CPAI proposes govt to rationalise CTT to boost volumes

NEW DELHI: Commodity Participants Association of India (CPAI) has urged the government to rationalise commodities transaction taxes in order to boost trading volumes. In a presentation made to the finance ministry, CPAI also proposed to treat the Commodity Transaction Tax (CTT) as tax paid under section 88E and not as an expense.

“CPAI has submitted a proposal to the government to either remove CTT altogether or reduce it to Rs 500 per crore and treat CTT as tax paid under 88E of the Income Tax Act instead of an expense. This will bring us back to the higher turnover seen in earlier years,” CPAI President Narinder Wadhwa told on Wednesday.

This would be a win-win situation with the government getting higher GST and other revenue, hedging being done on Indian exchanges instead of abroad, saving of foreign exchange, creation of jobs in the financial sector and India becoming a price setter instead of a price taker, he added.

CPAI is the apex pan-India association of participants in commodity exchanges and commodity derivative segments.

Since the introduction of CTT in 2013, the volume in commodity markets have plunged by 60 per cent, while the government collected only Rs 667 crore as revenues.

The association said that revenue foregone for the government by providing CTT towards tax liability under Section 88E would be minimal because the benefit cannot be taken by entities like mutual funds which are tax-exempt, foreign portfolio investors (FPIs), retail and wholesale investors claiming capital gains and entities with loss or inadequate profit.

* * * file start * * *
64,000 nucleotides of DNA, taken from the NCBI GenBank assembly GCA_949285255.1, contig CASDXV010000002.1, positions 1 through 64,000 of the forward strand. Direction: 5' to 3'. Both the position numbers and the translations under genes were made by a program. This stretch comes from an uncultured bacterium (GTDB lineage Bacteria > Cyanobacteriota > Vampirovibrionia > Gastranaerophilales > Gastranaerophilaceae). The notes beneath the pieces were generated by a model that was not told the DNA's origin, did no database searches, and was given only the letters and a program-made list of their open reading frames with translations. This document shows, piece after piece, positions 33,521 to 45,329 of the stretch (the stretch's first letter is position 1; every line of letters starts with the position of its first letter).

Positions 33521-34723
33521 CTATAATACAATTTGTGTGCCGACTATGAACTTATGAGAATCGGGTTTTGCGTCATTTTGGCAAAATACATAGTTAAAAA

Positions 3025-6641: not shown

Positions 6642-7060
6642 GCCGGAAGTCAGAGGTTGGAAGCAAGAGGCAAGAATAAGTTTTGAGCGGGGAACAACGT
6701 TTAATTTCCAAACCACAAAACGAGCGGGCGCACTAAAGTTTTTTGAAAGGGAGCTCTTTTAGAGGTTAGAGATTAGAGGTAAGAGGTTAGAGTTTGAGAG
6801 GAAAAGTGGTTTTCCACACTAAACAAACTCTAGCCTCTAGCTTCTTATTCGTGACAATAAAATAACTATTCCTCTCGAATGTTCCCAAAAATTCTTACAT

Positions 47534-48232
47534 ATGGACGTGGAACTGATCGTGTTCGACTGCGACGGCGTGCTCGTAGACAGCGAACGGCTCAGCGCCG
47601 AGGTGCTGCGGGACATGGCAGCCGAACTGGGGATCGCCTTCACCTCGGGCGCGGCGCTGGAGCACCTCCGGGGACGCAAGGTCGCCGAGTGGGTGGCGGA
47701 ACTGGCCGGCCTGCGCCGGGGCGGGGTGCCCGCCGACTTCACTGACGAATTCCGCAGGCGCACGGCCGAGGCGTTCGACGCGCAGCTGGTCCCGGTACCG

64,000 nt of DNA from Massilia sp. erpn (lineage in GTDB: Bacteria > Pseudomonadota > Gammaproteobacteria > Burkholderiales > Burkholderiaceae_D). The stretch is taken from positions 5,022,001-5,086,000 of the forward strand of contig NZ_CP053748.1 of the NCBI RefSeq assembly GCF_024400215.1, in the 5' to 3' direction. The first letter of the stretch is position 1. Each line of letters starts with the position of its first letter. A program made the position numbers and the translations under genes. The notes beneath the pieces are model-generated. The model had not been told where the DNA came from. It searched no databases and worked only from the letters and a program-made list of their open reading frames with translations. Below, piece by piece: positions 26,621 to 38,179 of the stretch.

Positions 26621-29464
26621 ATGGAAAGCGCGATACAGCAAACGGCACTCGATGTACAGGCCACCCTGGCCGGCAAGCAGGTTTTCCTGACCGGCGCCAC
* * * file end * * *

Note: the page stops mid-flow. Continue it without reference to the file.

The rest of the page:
CTT can be claimed only by entities under business income who even after the set-off will continue to pay effective tax at full slab rates at 34.94 per cent (LLP) and 25.1 per cent for companies, the body said.

If the companies incur loss or inadequate profits, their effective tax rates will be higher and unused CTT cannot be refunded or carried forward to next year, it added.

Apart from CTT, the association also requested the government to rationalise Securities Transaction Tax (STT) and restore section 88E.

“By rationalizing STT and restoring section 88E, India can increase STT revenue collection of at least Rs 7,000 crore a year,” CPAI said.

In 2008, section 88E was withdrawn and STT got treated as an expense instead of a tax, thereby causing a fall in volumes. The removal led to a downward trend in market volume and STT collections crashed 37 per cent from Rs 8,576 crore in 2007-08 to Rs 5,405 crore in 2008-09.

STT is a tax on share market transactions and gets automatically deducted upfront based on a person’s turnover irrespective of profit or loss. CTT is a tax similar to STT, levied on transactions done on the domestic commodity derivatives exchanges.